• ‘Don’t Sweat the Small Stuff’ by Richard Carlson
  • ‘The Ideal Team Player: How to Recognize and Cultivate The Three Essential Virtues’ by Patrick M. Lencioni 
  • ‘Measure What Matters: How Google, Bono, and the Gates Foundation Rock the World with OKRs’ by John Doerr

In addition to the books, check out my list of best apps

Continue reading

SEO tools and Audit

Tools to do research for Google Search Query, don’t know if this also works for YouTube Search Query

And some useful pointers to do an audit for SEO and Google Search.

Average

Aim for average and you’ll serve no one well

“They recruited 4,063 pilots from Wright Air Force Base, Ohio and measured them on 140 different metrics in order to estimate the size of the average pilot in 1950.

Daniels isolated the 10 most important variables – things like shoe size and leg length – and looked at how many pilots were average on all counts. He generously defined average as the 30% of people nearest to the mean.

The answer? Zero. There wasn’t a single pilot average on all metrics. Even when Daniels analysed just three metrics, only 3.5% of pilots were average on all counts.

Daniels concluded that the search for an average pilot was pointless. There was no such person. If you designed for the average user, then the result was perfectly suited to no-one.

Distinctiveness and Vanille

Dare to be different and stand out. 

“First, prioritise being noticed above other goals. If you fail there, everything else is academic.

Second, apply the findings of von Restorff, who 80 years ago discovered that the best way to be noticed is to be distinctive. Despite this finding being well established in psychology, much advertising slavishly abides by category conventions. That mimicry comes at a cost.”

Content audit

“Last June, The Times used eight freelancers and tagging tech over three months to segment 1,000 articles from the previous 17 months. Each article was tagged with 16 different pieces of metadata, included criteria like the content tone, the headline type, the article format and geography. These tags were plotted against 10 metrics that show engagement, such as pageviews, time on page, whether someone has commented, saving, sharing, whether the reader is registered or a subscriber. That information has then been used to dictate content strategy.”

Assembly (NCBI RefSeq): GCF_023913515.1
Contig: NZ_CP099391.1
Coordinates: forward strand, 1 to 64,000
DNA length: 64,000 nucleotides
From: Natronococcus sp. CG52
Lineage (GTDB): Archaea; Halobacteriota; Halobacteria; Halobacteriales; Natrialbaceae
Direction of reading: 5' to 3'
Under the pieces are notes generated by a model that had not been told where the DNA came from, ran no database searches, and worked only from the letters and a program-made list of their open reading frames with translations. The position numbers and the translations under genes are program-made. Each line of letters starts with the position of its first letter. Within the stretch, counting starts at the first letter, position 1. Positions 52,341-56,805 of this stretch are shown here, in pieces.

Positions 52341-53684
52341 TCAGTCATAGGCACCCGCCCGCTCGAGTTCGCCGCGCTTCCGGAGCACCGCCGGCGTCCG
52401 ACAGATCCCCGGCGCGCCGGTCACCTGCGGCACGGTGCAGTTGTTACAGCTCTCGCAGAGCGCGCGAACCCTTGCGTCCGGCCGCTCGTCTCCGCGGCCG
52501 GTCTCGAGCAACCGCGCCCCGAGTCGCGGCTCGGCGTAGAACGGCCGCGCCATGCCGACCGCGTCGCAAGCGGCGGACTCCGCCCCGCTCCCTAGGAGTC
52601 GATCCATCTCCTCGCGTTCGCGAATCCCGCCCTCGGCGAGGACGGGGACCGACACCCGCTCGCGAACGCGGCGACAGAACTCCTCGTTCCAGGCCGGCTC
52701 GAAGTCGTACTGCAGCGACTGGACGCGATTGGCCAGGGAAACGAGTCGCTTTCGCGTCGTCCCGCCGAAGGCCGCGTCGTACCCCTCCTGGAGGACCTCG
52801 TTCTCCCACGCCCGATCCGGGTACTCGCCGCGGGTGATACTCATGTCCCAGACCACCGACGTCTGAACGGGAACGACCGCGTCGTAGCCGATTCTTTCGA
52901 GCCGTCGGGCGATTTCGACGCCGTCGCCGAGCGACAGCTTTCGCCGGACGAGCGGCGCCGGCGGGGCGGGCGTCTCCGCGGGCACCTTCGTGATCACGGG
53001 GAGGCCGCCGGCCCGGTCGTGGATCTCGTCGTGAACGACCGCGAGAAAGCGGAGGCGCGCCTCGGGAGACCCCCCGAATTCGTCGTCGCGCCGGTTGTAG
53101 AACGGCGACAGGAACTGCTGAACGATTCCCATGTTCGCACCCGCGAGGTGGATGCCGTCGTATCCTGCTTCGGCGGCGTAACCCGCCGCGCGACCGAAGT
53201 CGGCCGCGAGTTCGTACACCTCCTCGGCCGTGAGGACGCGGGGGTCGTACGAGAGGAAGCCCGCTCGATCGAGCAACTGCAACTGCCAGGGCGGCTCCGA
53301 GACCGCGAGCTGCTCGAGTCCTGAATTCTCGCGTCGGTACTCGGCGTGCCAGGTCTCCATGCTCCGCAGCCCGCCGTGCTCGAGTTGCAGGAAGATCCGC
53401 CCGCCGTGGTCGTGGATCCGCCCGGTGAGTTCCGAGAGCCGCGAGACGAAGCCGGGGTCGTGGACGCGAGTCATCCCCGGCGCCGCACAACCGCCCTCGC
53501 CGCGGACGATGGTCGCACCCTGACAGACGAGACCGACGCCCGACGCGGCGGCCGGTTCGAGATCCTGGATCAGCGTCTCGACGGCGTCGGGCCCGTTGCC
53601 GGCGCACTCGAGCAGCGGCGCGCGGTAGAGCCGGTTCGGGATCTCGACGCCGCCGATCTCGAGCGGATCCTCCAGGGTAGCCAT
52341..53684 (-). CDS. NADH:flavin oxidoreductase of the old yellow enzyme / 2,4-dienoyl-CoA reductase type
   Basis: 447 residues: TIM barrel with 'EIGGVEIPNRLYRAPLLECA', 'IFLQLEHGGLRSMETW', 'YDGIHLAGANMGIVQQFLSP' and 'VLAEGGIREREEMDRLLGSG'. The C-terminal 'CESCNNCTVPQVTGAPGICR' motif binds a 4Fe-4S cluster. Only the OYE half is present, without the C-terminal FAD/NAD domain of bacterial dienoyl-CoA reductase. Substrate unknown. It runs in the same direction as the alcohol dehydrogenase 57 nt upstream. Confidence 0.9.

“For example, over the last few months, The Times has published 15% fewer stories on the online Home News section after learning that news with no additional or exclusive content underperforms.”

“The social team has since gotten more strategic with promoting stories on Facebook based on the tone or headlines that would do well at driving referral traffic. Evans wrongly assumed that headlines typically drawing people in would drive more referral traffic.”

Insight based, tech developed

“It is built on a very simple but important consumer insight, which is when it comes to haircare consumers are very much looking for insight, inspiration, and tips from people like them.”

“This means the marketing tool needs to function much like an independent publisher working with a network of influencers to retain authenticity and build strong consumer relationships.”

“Gandhi explains: “We understand what consumers really care about and make sure we provide the right insights back to the brand. But on the reverse, we also make sure we recommend the right brands to the right consumers.”

  • founded in 2013 in Canada, global roll out
  • 30+ editorial team
  • works like a newsroom

Nike and data

The importance of data. Nike expands and acquires a data tech company for further digital expansion.